In dozens of interviews with residents across Kupiansk and its surrounding villages, many said they believed the Russians would return.

Sitting at her desk in the city’s only residential facility that cares for the elderly and mentally unwell, Olga Gunia was exhausted. For 23 years, she had poured everything she had into the place, and she said that her patients had taught her more about love and patience than she had ever imagined possible.

The Russians’ occupation felt like a waking nightmare, she said. Patients were evacuated to the home from nearby Izyum. “We work hard to keep our patients calm, but when these other people came in, they were not well,” she recalled. “It felt like a scene from a horror film.” Over time, she said, she sank into a depression, but did her best to hide it.

But one day in mid-September, Gunia saw troops in the street. They were carrying Ukrainian flags. Relief overwhelmed her, but within days, there was discomfort rising, too. Rockets started landing around the care home.

One hit an empty bedroom, causing damage. She saw fear in the eyes of patients she had spent months trying to soothe. In liberation, her team felt more powerless than ever. Without electricity or running water, they couldn’t wash the old people properly. A stench remains despite efforts to clean.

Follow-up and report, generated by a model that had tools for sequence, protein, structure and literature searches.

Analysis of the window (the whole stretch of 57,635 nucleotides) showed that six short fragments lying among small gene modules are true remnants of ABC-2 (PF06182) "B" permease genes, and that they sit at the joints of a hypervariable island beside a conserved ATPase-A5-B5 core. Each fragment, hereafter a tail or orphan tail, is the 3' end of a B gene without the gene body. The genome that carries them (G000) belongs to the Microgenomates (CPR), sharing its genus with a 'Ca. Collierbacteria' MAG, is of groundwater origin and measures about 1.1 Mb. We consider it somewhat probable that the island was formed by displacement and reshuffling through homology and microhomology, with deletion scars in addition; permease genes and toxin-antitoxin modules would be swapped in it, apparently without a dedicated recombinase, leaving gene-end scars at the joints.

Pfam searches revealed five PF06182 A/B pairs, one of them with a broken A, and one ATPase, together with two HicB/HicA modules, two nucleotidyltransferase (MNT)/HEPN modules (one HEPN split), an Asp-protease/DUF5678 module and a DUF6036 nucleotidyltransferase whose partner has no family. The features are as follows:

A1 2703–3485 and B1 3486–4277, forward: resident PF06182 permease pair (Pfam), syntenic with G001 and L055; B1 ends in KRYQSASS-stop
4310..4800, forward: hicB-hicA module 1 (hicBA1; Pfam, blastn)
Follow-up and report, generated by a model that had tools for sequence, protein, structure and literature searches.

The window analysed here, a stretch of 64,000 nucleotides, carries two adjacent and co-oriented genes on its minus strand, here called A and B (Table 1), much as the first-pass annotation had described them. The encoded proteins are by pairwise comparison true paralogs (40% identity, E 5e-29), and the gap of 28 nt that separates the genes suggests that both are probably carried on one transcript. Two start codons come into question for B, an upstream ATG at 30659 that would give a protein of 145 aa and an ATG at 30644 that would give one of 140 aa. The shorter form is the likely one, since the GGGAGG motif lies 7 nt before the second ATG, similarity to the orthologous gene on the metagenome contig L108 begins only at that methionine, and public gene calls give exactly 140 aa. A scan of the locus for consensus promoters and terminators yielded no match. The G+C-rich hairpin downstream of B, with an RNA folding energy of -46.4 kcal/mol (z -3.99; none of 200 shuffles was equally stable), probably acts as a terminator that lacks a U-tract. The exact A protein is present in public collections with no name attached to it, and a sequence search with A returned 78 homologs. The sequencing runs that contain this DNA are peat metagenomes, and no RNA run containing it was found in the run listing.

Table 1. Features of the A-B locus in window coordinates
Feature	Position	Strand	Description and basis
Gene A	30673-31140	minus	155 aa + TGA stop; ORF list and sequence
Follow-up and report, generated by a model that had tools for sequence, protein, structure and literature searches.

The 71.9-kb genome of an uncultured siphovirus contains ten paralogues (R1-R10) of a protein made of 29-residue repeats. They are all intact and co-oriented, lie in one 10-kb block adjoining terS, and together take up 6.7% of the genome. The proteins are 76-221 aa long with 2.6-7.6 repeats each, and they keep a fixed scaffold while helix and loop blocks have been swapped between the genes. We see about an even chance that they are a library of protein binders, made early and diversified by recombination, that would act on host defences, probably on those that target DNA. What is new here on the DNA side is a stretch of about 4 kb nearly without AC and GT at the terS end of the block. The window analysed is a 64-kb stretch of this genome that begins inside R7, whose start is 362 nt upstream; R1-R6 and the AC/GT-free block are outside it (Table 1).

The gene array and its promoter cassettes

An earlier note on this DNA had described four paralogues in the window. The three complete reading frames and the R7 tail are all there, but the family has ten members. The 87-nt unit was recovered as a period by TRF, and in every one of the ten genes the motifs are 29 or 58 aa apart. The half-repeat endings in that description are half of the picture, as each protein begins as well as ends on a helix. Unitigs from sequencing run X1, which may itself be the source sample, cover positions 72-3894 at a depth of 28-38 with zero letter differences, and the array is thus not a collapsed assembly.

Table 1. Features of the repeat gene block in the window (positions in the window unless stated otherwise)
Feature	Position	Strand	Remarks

Gunia agreed last week that the most infirm should be evacuated. And on the train out with them, she realized her time in Kupiansk was over, too. She left Friday with the last evacuees.

Just a few miles away near the village of Kurylivka, a convoy of civilian vehicles was fired upon and 25 people were killed as they tried to escape the fighting Sept. 25 toward the Russian-controlled city of Svatove in the Luhansk region.

On Oct. 1, their bodies were discovered next to abandoned fields where the sunflowers died, too. The passengers’ bags of walnuts and cassette tapes are still there. Cars were splayed at strange angles and the smell of decaying flesh clings to the long grass.

Denis, the commander, was shocked when his unit found them. After eight years in the army, he was used to seeing death, but with the bodies of young children there, this felt different. They probably did not know that the Ukrainians were coming, he said.